Saudi Arabia’s range of macroeconomic indicators suggest an economy well insulated from regional economic pressures. Its 2010 budget was expansionary and public sector infrastructure spending is still rising.
The project finance market is definitely more competitive now than it was six months ago
James Reeve, Samba Group
None of the kingdom’s 12 commercial banks have reported annual losses nor been forced to seek state financial support. The seven initial public offerings successfully launched in the first quarter of 2010 further indicate a revival of investor sentiment and a recovery in private economic activity is starting to bed in, with rising imports and stronger retail growth.
Commercial bank lending to the private sector in April was 3.2 per cent higher than a year earlier, the fourth successive year-on-year rise. Lending to the private sector increased by 0.7 per cent month-on-month, with the kingdom’s loan-to-deposit ratio rising to its highest level in over a year. The value of letters of credit opened by the private sector in April was among the highest recorded in two years.
These indicators show how far the economy has come during a year that saw oil prices collapse and lending to the private sector all but dry up. But not only was the Saudi economy affected by global credit conditions, it also had to deal with the defaults of two prominent Saudi family business empires, the Saad Group and AH Algosaibi & Brothers, which revealed debts of more than $20bn in mid-2009.
Inflationary impact should fall as the year progresses. I’m not overly concerned about inflationary pressures
Paul Gamble, head of research, Jadwa Investment
But, after 18 months in which business activity was underpinned by government spending, the positive macroeconomic indicators seen in early 2010 give greater confidence that the Saudi private sector is in a position to grow.
High government expenditure drove the Saudi economy in the downturn. It is intended to deliver a counter-cycle of expansion, which will raise corporate performance and encourage banks to start lending again. The impact is now being felt, say analysts.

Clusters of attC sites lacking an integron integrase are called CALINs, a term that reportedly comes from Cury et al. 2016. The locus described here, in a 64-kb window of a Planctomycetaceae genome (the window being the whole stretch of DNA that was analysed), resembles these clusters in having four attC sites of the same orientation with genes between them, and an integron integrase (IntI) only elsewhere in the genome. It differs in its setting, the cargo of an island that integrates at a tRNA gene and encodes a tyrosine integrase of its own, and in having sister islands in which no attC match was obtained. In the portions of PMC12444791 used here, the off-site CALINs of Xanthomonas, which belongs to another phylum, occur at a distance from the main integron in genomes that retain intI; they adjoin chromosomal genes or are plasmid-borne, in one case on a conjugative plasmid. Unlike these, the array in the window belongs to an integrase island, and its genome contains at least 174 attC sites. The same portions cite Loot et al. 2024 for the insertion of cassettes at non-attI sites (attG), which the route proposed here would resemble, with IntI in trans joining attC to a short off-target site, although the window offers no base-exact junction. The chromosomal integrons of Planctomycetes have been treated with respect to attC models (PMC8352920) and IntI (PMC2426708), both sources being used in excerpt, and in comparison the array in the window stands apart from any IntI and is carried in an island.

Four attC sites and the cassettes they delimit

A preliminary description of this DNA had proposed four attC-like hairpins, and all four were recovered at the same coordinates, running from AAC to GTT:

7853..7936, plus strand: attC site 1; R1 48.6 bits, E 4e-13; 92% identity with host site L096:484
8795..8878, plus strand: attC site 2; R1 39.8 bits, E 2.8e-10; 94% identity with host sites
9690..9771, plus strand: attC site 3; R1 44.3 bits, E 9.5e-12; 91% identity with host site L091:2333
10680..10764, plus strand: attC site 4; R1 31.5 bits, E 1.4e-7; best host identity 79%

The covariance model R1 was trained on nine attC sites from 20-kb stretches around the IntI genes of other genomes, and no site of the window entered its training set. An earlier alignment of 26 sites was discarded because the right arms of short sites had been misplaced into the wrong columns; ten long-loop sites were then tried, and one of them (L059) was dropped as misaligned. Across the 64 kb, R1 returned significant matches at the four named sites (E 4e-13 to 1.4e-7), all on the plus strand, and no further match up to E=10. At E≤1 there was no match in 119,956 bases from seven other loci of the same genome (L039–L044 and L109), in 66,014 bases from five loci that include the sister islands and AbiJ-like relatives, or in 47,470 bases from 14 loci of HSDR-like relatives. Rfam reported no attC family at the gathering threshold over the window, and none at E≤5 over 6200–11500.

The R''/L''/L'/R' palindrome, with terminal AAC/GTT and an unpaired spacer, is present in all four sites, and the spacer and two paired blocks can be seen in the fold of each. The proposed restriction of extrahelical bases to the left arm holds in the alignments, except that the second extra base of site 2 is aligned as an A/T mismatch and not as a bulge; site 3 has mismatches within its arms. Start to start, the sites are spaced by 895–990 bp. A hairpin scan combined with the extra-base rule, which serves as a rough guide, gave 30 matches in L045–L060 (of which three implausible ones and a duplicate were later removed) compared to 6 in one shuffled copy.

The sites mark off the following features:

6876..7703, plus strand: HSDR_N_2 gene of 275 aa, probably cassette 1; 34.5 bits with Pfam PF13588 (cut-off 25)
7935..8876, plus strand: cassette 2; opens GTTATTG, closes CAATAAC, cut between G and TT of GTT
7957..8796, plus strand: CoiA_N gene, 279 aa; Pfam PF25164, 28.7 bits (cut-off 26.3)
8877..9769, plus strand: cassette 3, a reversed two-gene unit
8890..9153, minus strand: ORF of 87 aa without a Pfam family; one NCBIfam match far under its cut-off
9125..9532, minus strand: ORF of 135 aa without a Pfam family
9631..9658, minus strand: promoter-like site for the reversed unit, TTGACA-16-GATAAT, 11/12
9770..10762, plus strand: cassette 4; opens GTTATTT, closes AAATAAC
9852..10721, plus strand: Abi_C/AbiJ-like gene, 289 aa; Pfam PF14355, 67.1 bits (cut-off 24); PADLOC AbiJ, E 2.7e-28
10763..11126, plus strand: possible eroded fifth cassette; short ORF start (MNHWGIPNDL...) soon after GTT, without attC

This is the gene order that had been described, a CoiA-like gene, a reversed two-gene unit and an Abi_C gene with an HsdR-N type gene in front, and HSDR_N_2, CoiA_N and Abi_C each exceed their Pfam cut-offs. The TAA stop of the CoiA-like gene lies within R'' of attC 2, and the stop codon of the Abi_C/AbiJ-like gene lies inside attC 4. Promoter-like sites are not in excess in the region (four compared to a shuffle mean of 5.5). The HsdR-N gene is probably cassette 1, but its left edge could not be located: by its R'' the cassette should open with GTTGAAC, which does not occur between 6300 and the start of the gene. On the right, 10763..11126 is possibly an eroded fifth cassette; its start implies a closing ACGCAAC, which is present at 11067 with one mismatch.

|Saudi Arabia’s economic breakdown by sector, 2009|
|Agriculture, Forestry & Fishing||2.9|
|Crude Petroleum & Natural Gas||43.3|
|Mining and quarrying||0.3|
|Electricity, water and gas||1|
|Retail, hotels, restaurants||6.1|
|Transport, storage, communication||4|
|Finance, insurance, real estate and business services||9|
|Community, social and personal services||2.4|
“The project finance market is definitely more competitive now than six months ago and spreads have fallen sharply. More general corporate loan growth is also picking up, although banks are insisting on more disclosure and collateral than in the past,” says James Reeve, an economist at Samba Group.
One reason for the expansion in credit growth is the absence of new financial problems in the private sector. Fears that the Saad/Algosaibi saga would yield further revelations of impaired corporate exposures have not yet been realised, which has reassured local banks – if not their foreign counterparts, who continue to give Saudi Arabia a wide berth.
The Saudi fiscal position remains comfortable, despite the increase in state expenditure over the past couple of years, with a small budget surplus anticipated this year on the back of improved hydrocarbons income. Jadwa Investment Bank forecasts a fiscal surplus of 4.5 per cent for 2010.
Despite some oil price weakness in May – oil prices fell 24 per cent from $86.2 a barrel on 3 May to $65.2 a barrel on 26 May – average oil prices are still close to the Saudi ‘sweet spot’ of $75 a barrel.
There will be some pressure on the public purse as state spending efforts continue. However, this policy is only meant to kick-start economic activity. Once private sector confidence improves, the government should start to relax its high-spending programmes.
“Many of the projects commissioned last year will only be rolled out in 2010, so capital spending will likely be higher in 2010 than 2009. I expect some cooling of expenditure growth in the second half of 2011,” says Reeve.
Finance minister Ibrahim al-Assaf announced in January that the government was likely to continue its large-scale public spending programme in 2010 in order to help support the domestic economy. It envisages public spending will reach SR540bn ($144bn), 14 per cent higher than the amount budgeted in 2009.
The Saudi government has approved 652 contracts valued at SR40bn during the first four months of 2010. Al-Assaf, speaking at the Global Competitiveness Forum in Riyadh, said there would be a curb in spending “at some point in the future”, but that 2010, in his opinion would be a year in which a continuous stimulus to the economy was provided.